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Oxid Med Cell Longev. 2019 May 12;2019:9695412. doi: 10.1155/2019/9695412. eCollection 2019.

Mitochondria- and Oxidative Stress-Targeting Substances in Cognitive Decline-Related Disorders: From Molecular Mechanisms to Clinical Evidence.

Author information

1
University of Basel, Transfaculty Research Platform Molecular and Cognitive Neuroscience, Basel, Switzerland.
2
Neurobiology Lab for Brain Aging and Mental Health, Psychiatric University Clinics, Basel, Switzerland.

Abstract

Alzheimer's disease (AD) is the most common form of dementia affecting people mainly in their sixth decade of life and at a higher age. It is an extensively studied neurodegenerative disorder yet incurable to date. While its main postmortem brain hallmarks are the presence of amyloid-β plaques and hyperphosphorylated tau tangles, the onset of the disease seems to be largely correlated to mitochondrial dysfunction, an early event in the disease pathogenesis. AD is characterized by flawed energy metabolism in the brain and excessive oxidative stress, processes that involve less adenosine triphosphate (ATP) and more reactive oxygen species (ROS) production respectively. Mitochondria are at the center of both these processes as they are responsible for energy and ROS generation through mainly oxidative phosphorylation. Standardized Ginkgo biloba extract (GBE), resveratrol, and phytoestrogens as well as the neurosteroid allopregnanolone have shown not only some mitochondria-modulating properties but also significant antioxidant potential in in vitro and in vivo studies. According to our review of the literature, GBE, resveratrol, allopregnanolone, and phytoestrogens showed promising effects on mitochondria in a descending evidence order and, notably, this order pattern is in line with the existing clinical evidence level for each entity. In this review, the effects of these four entities are discussed with special focus on their mitochondria-modulating effects and their mitochondria-improving and antioxidant properties across the spectrum of cognitive decline-related disorders. Evidence from preclinical and clinical studies on their mechanisms of action are summarized and highlighted.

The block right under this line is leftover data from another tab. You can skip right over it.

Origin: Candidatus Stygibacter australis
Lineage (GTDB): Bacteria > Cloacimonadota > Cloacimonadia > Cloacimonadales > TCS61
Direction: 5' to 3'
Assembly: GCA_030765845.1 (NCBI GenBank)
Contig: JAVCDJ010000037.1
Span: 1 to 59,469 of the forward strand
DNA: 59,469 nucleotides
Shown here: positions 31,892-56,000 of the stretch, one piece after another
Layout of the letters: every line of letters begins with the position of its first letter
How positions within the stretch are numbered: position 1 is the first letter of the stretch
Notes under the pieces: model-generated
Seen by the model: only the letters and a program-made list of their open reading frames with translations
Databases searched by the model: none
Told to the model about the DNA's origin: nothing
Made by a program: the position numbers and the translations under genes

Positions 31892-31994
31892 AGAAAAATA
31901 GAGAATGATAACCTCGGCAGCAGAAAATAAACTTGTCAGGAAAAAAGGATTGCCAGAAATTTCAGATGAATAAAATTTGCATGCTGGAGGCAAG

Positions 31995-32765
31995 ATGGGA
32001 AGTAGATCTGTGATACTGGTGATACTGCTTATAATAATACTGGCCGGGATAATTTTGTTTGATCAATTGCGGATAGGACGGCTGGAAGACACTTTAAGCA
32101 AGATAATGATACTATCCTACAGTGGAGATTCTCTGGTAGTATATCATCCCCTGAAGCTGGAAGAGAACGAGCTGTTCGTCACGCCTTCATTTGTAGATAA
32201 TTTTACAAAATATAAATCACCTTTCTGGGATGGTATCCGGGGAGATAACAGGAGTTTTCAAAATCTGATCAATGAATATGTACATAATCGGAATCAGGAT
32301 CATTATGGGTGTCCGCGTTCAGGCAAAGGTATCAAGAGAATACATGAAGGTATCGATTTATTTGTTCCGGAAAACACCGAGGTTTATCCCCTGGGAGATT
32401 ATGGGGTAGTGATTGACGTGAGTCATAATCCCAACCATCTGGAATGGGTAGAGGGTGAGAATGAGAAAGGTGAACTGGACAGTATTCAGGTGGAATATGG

PMID:
31214285
PMCID:
PMC6535827
DOI:
10.1155/2019/9695412
[Indexed for MEDLINE]
Free PMC Article

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